Another common source for value, however not known for its namesake is the “AVM” or Automated Valuation Models. They are just as they appear to be, a computer generated valuation based on limited criteria. Ever hear of Zestamites? It’s an AVM and collects the basic information from various sources, i.e. City & County tax records & sales history, then it generates a baseline to use as an average to calculate just that, an average value, based on average information. These models are handy; I even use one on my website to provide basic neighborhood values to my visitors. They serve a purpose, however are not very accurate, and I would not sell my home for the amount recommended by the AVM! Banks are a big user of AVM’s to help determine loan amounts on applications & refinancing, etc.
Then there is the “BPO” or Brokers Price Opinion. These are about the same as a CMA because they are typically done by a real estate agent. It is commonly requested by the lender once a mortgage goes into default, and to help justify a sales price on a short sale, or to help them determine if they want to proceed with a foreclosure. They are typically done on the lender provided form, and filled out by the beginner real estate agents. The lenders use to pay for these, but now they can find enough hungry real estate agents to do them for free, in hopes of getting the listing from the lender, if it does go to foreclosure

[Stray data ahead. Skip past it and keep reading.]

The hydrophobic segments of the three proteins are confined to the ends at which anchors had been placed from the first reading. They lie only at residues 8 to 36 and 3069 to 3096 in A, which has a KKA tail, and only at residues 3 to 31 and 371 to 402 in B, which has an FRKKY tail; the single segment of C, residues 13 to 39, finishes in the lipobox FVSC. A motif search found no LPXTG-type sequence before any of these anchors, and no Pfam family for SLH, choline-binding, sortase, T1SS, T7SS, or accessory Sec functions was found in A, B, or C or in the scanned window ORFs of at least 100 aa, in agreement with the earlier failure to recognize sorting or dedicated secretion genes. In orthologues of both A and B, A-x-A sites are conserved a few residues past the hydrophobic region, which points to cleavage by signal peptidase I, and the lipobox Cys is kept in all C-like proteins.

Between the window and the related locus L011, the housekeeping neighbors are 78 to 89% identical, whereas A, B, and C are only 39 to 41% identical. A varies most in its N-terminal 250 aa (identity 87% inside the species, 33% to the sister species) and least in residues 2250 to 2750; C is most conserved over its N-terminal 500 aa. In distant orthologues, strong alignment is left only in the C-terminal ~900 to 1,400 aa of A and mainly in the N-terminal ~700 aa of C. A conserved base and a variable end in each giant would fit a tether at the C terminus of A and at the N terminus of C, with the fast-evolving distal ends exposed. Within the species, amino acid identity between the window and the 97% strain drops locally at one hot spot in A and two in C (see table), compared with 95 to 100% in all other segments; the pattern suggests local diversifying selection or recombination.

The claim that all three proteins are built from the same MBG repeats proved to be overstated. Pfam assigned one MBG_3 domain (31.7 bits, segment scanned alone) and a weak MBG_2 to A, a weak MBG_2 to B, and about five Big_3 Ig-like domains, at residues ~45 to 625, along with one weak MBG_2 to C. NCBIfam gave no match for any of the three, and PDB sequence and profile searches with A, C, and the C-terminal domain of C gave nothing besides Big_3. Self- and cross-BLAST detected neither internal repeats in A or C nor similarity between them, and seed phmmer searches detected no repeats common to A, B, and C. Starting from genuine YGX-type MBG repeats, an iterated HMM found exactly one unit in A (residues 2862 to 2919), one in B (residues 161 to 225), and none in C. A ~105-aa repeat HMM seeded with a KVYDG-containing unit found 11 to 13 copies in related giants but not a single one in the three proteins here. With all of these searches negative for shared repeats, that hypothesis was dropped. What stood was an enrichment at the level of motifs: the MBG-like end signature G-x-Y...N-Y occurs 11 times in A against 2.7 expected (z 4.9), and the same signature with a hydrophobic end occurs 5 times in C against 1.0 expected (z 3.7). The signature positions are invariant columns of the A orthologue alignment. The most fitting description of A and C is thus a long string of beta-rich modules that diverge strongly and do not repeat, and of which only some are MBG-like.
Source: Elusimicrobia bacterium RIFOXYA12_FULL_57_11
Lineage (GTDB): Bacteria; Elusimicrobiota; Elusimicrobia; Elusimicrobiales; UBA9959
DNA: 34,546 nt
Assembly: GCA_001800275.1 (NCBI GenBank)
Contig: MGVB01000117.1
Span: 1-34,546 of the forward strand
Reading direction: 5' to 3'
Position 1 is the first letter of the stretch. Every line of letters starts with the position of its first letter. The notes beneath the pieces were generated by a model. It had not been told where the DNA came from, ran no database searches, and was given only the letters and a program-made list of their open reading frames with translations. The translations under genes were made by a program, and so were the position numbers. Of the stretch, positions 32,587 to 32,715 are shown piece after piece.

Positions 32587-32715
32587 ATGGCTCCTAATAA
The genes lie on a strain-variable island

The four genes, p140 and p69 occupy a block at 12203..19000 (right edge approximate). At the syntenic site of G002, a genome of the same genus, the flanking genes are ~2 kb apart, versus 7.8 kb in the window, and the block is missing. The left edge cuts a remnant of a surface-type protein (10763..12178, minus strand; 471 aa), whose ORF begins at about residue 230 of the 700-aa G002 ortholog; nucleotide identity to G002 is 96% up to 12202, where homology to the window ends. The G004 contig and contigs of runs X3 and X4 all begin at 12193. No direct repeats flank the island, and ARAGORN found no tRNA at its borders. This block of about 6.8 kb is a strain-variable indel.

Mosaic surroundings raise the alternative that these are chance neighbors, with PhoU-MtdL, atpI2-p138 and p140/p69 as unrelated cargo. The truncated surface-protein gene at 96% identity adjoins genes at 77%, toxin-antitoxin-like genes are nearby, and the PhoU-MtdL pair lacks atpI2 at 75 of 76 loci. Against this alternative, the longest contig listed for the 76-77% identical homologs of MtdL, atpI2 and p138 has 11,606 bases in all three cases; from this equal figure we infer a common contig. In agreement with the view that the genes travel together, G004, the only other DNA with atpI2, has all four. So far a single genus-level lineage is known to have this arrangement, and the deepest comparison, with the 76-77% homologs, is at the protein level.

Most often, the most accurate way to determine the true value of real estate is the Appraisal = An Appraisal is just one person’s estimate of value, yet a licensed persons opinion, therefor it should be the most relies upon & accurate. As a licensed Real Estate Broker, I was also required to take the Real Estate Appraisers course, and have an opinion of value, just as the other appraisers in the class did. We will not always agree on the same value, or valuation process; however we were trained to use the same guidelines, and standards; however they are sometimes interpreted differently by the various lenders and underwriters. After all, an Appraisal is just one licensed person’s estimate of value, when in effect the true value is what a uninfluenced buyer and uninfluenced seller are willing to pay and accept for that Real Estate at a given time….. Yes, that is true value! So if a sale is negotiated between a buyer & seller, with no outside influence, or duress, i.e. Short sale, Foreclosure, Divorce, Bankruptcy, etc. that is its true value. However the mortgage companies insist on a written estimate of value based on the most recent sales of comparable properties. This is not as easy as you might think, given the roller coaster market we are experiencing today! Most appraisers are through in the initial inspection of the subject property, as they have always have been, however nowadays sometimes come up short on the selection of the comparable properties, and verifying that they are truly comparable. They typically just confirm that they are the same size and located in the same neighborhoods, and are just comparable, yet may not always be the most relevant or most comparable. I am seeing far too many distressed sales being used in a non-distressed Appraisal of Value today; hopefully the market will catch up soon, and relax the lenders purse strings, allowing all the valuation models to be a bit more reliable & accurate!